When Sheila died in 1980, I discovered that I was one who neither enjoyed nor desired to visit graves.
For me visiting the grave was not very comforting. In fact, it was the opposite. The graveyard seemed too permanent. It contained too many granite stones which testified to both the pervasiveness and intransience of death. I didn’t like it and never found consolation there.
What I have discovered this year, however, is that there was something deeper going on inside of me that prevented their “resting places” from providing the kind of solace that it seems to provide others. My avoidance of their graves was a symptom of my avoidance of grief itself.
I was in full flight from my grief. Rather than embracing it, living through it, and accepting it, I evaded it. My avoidance of the grave–for me–was a way to escape the pain, to push it into the background, stuff it down, and pretend it did not exist. Avoiding my deepest pain, I numbed it through workaholism and in other ways.
I can remember the moment when I decided I would not feel “that” again. At twenty-two years of age, I was basically carried out the front doors of the church building after viewing Sheila’s body for the last time. Standing outside those doors was, among others, the Potter High School chorus from Bowling Green, KY. I was deeply embarrased that those kids–many of whom were my students–saw me like that. I never wanted to feel that way again.
That day I created a facade of sorts. I would protect that part of me that did not want to feel embarrasment. I would not show that emotion again; I would not allow that kind of transparency again. Instead, I would play the strong, stoic hero. But it was not really a matter of heroism. Rather, it was self-protection, a coping mechanism.
This year I discovered that I have never really grieved. This has been my year to surface that grief, experience it, live through it, and let my outsides match my insides. This has been a year of grief recovery for me. And it has been a good year filled with healing through the loving support of friends, therapy, and my wife’s comforting presence.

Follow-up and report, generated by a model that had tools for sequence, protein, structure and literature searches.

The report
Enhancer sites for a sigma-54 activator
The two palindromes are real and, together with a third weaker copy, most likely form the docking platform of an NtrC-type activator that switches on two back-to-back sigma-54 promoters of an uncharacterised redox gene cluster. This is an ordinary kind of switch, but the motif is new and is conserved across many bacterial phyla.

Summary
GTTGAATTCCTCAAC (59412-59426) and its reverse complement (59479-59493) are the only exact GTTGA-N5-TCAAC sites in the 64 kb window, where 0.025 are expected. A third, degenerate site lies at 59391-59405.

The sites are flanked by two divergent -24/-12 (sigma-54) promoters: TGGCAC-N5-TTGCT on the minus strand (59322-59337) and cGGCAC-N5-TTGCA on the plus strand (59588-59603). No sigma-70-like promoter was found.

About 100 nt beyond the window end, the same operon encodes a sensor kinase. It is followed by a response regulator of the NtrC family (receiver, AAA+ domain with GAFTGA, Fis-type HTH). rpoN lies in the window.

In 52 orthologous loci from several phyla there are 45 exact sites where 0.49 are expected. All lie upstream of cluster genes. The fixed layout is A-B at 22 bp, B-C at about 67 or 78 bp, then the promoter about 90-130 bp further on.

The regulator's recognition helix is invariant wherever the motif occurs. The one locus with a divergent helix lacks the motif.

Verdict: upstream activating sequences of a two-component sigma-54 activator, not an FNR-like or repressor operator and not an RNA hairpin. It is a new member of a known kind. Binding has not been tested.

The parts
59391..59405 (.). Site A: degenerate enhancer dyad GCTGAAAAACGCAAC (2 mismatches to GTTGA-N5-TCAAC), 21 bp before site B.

This year I intentionally went to their graves to remember, speak with, and sit with those whom death has captured.
My blog has been silent this past week because this past weekend I visited Sheila’s grave with Jennifer and spent the evening with Sheila’s family in Ellijay, GA. Last week I anxiously anticipated the journey and this week I have been talking with friends about it. It was healing.
For the first time, I shed tears at Sheila’s grave, talked with her, and accepted that what could have been is not what is. I felt like my insides and my outsides were beginning to coalesce at last. Oh, I know it is not a done deal, but it feels right, healthy, and peaceful.
Sheila’s family welcomed me, embraced me, blessed me, and loved me along with Jennifer. I rediscovered that I still belong to them and they to me. I felt at home like at the end of a long journey into the far country.
I still don’t like graves. Perhaps I never will. But I recognize that visiting the graves was a necessary part of my healing this year. What I once resisted has become spirtually therapeutic for me.
Where I had found some measure of comfort through the years–and still do–is in assembling with God’s people. Assembly has been an event, a moment that transcended time and space. It is the gathering of God’s people in the divine throne room–an assembly of past, present and future where all God’s saints, including those who rest in the grave, are gathered to God with Jesus by the power of the Spirit. I have been comforted by the experience of gathering with Sheila, Dad, and Joshua around God’s throne. I love to sit in the assembly meditating, singing, listening and praying as a means of joining hands with those who have fallen asleep in Jesus. This is the theology of assembly that is at the heart of my recent book A Gathered People, written with Bobby Valentine and Johnny Melton. The book is dedicated “to those whom we love but cannot see except as we meet them around God’s throne every Lord’s Day.”
Now, however, I also have a new appreciation for visiting graves. There death stares me in the face–I cannot escape it and must process it. It brings acceptance (over time), opportunities to remember, and a terminus where we don’t forget the past but we don’t live in it either. I have not arrived, but I am learning…and growing.
This has been part of my “shack” experience this year. Thanks for listening.
Pray Romans 15:13 for me, my friends.